Customs clearing agents in Zambia are to be offered accredited training as part of a new trade facilitation project being launched today by the Zambia Revenue Authority (ZRA) and the Global Alliance for Trade Facilitation (Alliance).
Over the next two years the project will see the ZRA, customs clearing agents associations, training institutions and local and international businesses that trade in Zambia work together to design and introduce a new framework for licensing customs clearing agents.
Customs clearing agents will be able to access a professional course delivered by qualified trainers, combining practical, hands-on training with e-learning. They will then sit an exam, allowing them to demonstrate their competence in applying ZRA regulations and the Harmonized Tariff Schedule.
The first round of training is likely to be made available in mid-2020. It will be designed to maximise accessibility, particularly for women who are often not able to spend long periods of time away from home, and will be phased in over an adjustment period to ensure agents have time to become licensed. A scholarship fund will also be made available to support agents with the costs of obtaining the new license and women will be actively encouraged to become licensed.
The project is the result of several months of collaboration between the ZRA and the private sector to identify the challenges faced by traders moving goods across Zambia’s borders. It will support Zambia’s plans to implement the World Trade Organization’s Trade Facilitation Agreement (TFA) and increase the competitiveness of Zambian industry.
Speaking at the launch, where the ZRA and the Alliance signed a Memorandum of Understanding, Philippe Isler, Director of the Global Alliance for Trade Facilitation, said: “Clearing agents play a vital role in cross-border trade, helping traders to navigate the documentation required to import and export. Providing access to proper training and accreditation will allow agents to enhance their professional skills, reducing errors in documentation, the need for physical inspections and ultimately the time and cost of trade for business. It will also deliver efficiency gains for the ZRA.”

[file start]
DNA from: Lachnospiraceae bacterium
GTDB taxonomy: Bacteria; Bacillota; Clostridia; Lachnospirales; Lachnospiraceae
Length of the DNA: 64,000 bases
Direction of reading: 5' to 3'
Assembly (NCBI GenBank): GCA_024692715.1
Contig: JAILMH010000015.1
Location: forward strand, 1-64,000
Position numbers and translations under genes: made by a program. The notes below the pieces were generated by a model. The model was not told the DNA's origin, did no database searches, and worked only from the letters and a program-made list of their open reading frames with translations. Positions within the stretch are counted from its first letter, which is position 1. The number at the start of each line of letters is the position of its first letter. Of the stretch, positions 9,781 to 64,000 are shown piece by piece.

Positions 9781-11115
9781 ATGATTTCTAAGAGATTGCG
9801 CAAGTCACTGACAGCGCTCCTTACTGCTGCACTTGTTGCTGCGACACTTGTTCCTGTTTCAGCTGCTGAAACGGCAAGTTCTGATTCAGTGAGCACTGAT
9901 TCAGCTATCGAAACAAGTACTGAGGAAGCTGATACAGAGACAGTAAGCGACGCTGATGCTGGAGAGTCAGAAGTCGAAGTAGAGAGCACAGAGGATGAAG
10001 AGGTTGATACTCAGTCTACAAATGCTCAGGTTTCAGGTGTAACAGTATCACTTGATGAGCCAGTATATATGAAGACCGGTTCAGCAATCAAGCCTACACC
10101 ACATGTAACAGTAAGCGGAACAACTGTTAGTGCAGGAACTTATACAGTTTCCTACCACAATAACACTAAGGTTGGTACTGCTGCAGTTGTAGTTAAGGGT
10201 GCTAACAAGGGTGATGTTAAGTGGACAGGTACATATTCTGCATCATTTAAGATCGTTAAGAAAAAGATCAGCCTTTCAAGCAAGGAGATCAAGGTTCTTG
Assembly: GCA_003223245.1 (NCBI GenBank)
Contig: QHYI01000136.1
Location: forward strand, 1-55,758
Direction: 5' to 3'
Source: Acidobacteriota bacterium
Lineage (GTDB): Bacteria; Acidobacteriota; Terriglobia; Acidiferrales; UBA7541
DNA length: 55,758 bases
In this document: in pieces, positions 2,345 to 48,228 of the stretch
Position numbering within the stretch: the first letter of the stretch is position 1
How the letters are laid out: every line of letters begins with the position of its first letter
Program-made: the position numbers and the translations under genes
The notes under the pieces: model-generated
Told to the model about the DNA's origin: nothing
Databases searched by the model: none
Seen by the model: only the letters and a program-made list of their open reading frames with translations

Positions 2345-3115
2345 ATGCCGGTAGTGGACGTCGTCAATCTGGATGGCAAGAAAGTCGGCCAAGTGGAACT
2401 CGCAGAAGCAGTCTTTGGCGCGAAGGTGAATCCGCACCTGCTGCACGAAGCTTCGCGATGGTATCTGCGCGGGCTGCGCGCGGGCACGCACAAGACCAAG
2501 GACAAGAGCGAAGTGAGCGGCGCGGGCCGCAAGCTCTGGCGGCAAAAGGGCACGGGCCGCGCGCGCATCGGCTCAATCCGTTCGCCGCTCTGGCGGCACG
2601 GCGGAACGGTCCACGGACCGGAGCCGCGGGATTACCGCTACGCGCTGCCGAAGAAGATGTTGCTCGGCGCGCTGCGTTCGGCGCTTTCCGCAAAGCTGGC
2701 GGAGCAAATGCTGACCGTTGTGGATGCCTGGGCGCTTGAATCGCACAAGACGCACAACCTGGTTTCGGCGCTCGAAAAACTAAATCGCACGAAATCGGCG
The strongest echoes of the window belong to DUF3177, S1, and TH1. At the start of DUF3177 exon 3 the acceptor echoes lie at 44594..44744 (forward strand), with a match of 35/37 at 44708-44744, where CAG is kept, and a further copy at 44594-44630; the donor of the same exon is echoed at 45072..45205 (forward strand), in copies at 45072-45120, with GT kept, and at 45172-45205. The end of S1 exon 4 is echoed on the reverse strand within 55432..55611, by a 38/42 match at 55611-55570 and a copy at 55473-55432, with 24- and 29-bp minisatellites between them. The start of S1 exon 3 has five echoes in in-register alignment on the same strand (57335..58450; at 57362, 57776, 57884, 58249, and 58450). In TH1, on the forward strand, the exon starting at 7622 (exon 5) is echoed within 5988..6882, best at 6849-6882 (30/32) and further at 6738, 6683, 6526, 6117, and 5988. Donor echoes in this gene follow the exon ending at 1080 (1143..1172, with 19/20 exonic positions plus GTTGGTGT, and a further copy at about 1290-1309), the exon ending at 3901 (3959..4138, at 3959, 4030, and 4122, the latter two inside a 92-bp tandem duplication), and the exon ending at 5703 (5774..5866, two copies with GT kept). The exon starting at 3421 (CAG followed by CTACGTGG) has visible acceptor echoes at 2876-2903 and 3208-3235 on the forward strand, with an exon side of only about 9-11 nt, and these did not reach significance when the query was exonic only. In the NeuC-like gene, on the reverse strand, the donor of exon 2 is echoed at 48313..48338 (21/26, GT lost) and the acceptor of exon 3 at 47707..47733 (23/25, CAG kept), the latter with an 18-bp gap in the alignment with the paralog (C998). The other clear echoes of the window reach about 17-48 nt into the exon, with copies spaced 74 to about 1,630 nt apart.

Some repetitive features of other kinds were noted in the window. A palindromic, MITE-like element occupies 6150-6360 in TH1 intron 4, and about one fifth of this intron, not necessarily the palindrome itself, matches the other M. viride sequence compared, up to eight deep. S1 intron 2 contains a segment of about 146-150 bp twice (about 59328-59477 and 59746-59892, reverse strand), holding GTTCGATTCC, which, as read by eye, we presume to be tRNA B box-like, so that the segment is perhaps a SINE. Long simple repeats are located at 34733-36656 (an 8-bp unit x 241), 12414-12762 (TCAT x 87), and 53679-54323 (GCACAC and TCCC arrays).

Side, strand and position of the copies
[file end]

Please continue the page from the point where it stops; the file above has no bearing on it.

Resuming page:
The project in Zambia becomes the ninth in the Alliance’s portfolio of work to support developing and least developed countries implement the TFA through the public and private sectors working together.
Kingsley Chanda, Commissioner General of the Zambia Revenue Authority, said: “I firmly believe that modernisation of the Customs Clearing Agents Licensing Framework will assist agents in Zambia to improve their skills and understanding of modern customs operations. It is also expected that these reforms will contribute to improving trade facilitation and thereby reduce the cost of cross-border trade”.
The Commissioner General went on to say that the reforms will help to build capacity amongst clearing agents and assist in raising standards in the industry.
Philippe Isler, said: “The Zambia Revenue Authority is doing a huge amount to modernise customs operations and improve the trade facilitation environment here, and crucially it is taking a forward-thinking approach in working with the private sector as an equal partner.
“We look forward to continuing to support the ZRA and the country’s private sector over the next two years and to seeing the impact of the project, not just in up-skilling the customs clearing agent community and reducing the cost of trade in Zambia, but also contributing to the country’s wider economic and social development.”
Find out more about the project here.